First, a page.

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Every announcement that comes out of San Diego’s Audio Imperia seems to generate buzz, and with good reason. We’re big fans of its Jaeger and Nucleus orchestral packages but, beyond its sensational cinematic-inspired instrumental samples, it’s the inclusion of sound-design gems that make Audio Imperia’s products really impressive.
Myth and legend
In a change of tack from the company’s complete orchestral suites, Areia’s focus is solely on the string section, with a comprehensive collection of samples, mixes and articulations. Its generous 68GB of samples makes Areia Audio Imperia’s largest offering to date, and underlines the depth and range of the sampling sessions, which were undertaken by Czech Republic-based Capellen Music Production.
Despite the European setting, Areia boasts a truly Hollywood sound, with plenty of colouration available via the clean and intuitive interface. Via its basic and advanced tabs, you can control how many control elements are displayed, making the interface more manageable. In basic mode, you can switch between two striking mix settings: Classic and Modern. Classic mode yields European colours and a neutral mix extracted from the raw session recordings. The Modern mix, meanwhile, features subtle processing for a brighter and more appropriately cinematic sound. Both have their virtues. Your choice will depend on the musical leanings of the cues you’re working with. With both, you can employ a see-saw fader to find your ideal blend between close and ambient mic’ing.
For more control, the advanced tab opens a more comprehensive mixer with four mic channels, from close and Decca tree mic’ing to wide and ambient signals. As sample capture was undertaken in the drier environment of a soundstage, the distant mic signals never feel overly reverberant and chime with the cinematic ethos of the package. There’s additional reverb onboard, with Areia making use of Kontakt’s excellent algorithmic reverb. Generous hall and room-based reverbs are available should the dryness prove too exaggerated for your mix.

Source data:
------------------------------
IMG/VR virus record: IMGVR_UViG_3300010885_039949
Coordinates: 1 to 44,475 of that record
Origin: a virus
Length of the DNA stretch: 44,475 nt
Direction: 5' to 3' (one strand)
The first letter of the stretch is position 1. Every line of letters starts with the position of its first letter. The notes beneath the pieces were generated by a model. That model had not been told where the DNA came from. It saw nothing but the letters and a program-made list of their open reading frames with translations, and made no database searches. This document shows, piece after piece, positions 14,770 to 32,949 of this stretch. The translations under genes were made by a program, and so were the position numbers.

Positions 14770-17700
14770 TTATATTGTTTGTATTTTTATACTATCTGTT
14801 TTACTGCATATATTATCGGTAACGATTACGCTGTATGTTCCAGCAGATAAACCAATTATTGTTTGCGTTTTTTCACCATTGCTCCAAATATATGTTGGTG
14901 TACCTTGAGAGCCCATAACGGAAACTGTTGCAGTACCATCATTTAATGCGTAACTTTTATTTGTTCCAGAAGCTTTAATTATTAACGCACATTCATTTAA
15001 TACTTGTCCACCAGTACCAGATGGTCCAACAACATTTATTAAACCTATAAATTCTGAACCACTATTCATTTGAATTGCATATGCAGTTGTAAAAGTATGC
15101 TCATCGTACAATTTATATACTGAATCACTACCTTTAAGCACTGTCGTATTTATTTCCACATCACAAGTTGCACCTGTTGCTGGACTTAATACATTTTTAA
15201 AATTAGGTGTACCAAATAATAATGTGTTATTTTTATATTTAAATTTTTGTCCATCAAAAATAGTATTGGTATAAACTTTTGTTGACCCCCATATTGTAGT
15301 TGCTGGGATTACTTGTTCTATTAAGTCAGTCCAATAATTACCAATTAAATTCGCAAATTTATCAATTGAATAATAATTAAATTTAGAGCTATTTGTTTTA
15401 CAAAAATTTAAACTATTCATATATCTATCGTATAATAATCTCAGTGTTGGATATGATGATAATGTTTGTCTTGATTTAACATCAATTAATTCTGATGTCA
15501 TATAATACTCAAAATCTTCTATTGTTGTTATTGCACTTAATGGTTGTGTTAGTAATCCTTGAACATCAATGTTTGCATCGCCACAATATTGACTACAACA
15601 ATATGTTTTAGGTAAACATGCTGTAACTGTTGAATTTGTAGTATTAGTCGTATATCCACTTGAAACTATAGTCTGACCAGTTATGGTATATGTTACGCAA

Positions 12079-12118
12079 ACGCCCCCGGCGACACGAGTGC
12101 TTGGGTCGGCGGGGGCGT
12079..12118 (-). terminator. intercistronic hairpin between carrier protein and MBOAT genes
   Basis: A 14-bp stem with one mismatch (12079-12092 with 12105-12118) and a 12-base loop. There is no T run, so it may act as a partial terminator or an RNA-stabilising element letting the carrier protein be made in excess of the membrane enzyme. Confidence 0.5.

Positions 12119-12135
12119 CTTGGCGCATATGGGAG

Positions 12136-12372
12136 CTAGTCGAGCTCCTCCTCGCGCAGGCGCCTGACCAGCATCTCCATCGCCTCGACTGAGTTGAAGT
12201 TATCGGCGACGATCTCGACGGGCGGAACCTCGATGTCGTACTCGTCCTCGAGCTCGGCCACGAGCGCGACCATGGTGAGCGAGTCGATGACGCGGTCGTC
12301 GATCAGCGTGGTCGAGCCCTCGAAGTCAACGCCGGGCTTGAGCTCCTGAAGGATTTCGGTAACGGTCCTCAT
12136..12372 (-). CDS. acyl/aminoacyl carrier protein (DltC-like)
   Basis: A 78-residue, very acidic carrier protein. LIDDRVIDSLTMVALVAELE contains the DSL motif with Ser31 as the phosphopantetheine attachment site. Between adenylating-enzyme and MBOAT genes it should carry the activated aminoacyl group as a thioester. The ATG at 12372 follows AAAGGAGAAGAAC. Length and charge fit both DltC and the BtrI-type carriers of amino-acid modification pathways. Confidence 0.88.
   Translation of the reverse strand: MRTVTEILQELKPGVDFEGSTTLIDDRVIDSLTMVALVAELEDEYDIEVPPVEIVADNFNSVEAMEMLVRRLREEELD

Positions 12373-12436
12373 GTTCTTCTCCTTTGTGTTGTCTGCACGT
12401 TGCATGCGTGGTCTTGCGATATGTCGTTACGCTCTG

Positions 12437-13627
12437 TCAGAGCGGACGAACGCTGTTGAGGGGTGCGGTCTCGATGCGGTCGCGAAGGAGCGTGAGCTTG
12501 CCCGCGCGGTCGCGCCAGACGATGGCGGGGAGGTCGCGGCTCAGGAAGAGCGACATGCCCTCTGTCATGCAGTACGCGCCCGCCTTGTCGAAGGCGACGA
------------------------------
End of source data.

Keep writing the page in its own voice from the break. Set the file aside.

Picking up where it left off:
Instruments are organised into their respective sections of 16 violins, 10 violas, six cellos and four double basses. There is no split between first and second violins, leaving it down to you to organise the panning if required. In turn, the instruments are organised into four menus. The first two are multiple or single articulation. Loading the multi-articulation violin patch swallows up more than 1GB of RAM, which feels fair given the content. This example is based on the use of the mix-ready basic setting, while switching to the more bespoke mic-mixer option in advanced mode will use more RAM with the addition of each channel.
We find the basic stereo mix, with its ability to blend close and distant mic’ing, extremely effective. Using the onboard reverb places no excess on the RAM allocation either, which is handy if you’re tight on memory headroom and need greater ambience.
As is typical with Audio Imperia’s sample preparation, triggering can initially seem delayed but this is by design. The sample-start function allows users to dictate exactly how swiftly they want their samples to trigger, which does away with any requirement to add or subtract DAW-based delay in order to get your timings to gel.
In the advanced setting, the triggering is clean, with the crisp presence of the pre-defined cinematic mix. This can feel overbearing in isolation but when placed in a mix the performance is spirited and concise.
Where Areia offers real enhancements over Audio Imperia’s other fully-packaged products is with its wealth of articulations. Many of these are new to the Audio Imperia line-up, and it’s undoubtedly helpful to have all these articulations in one place.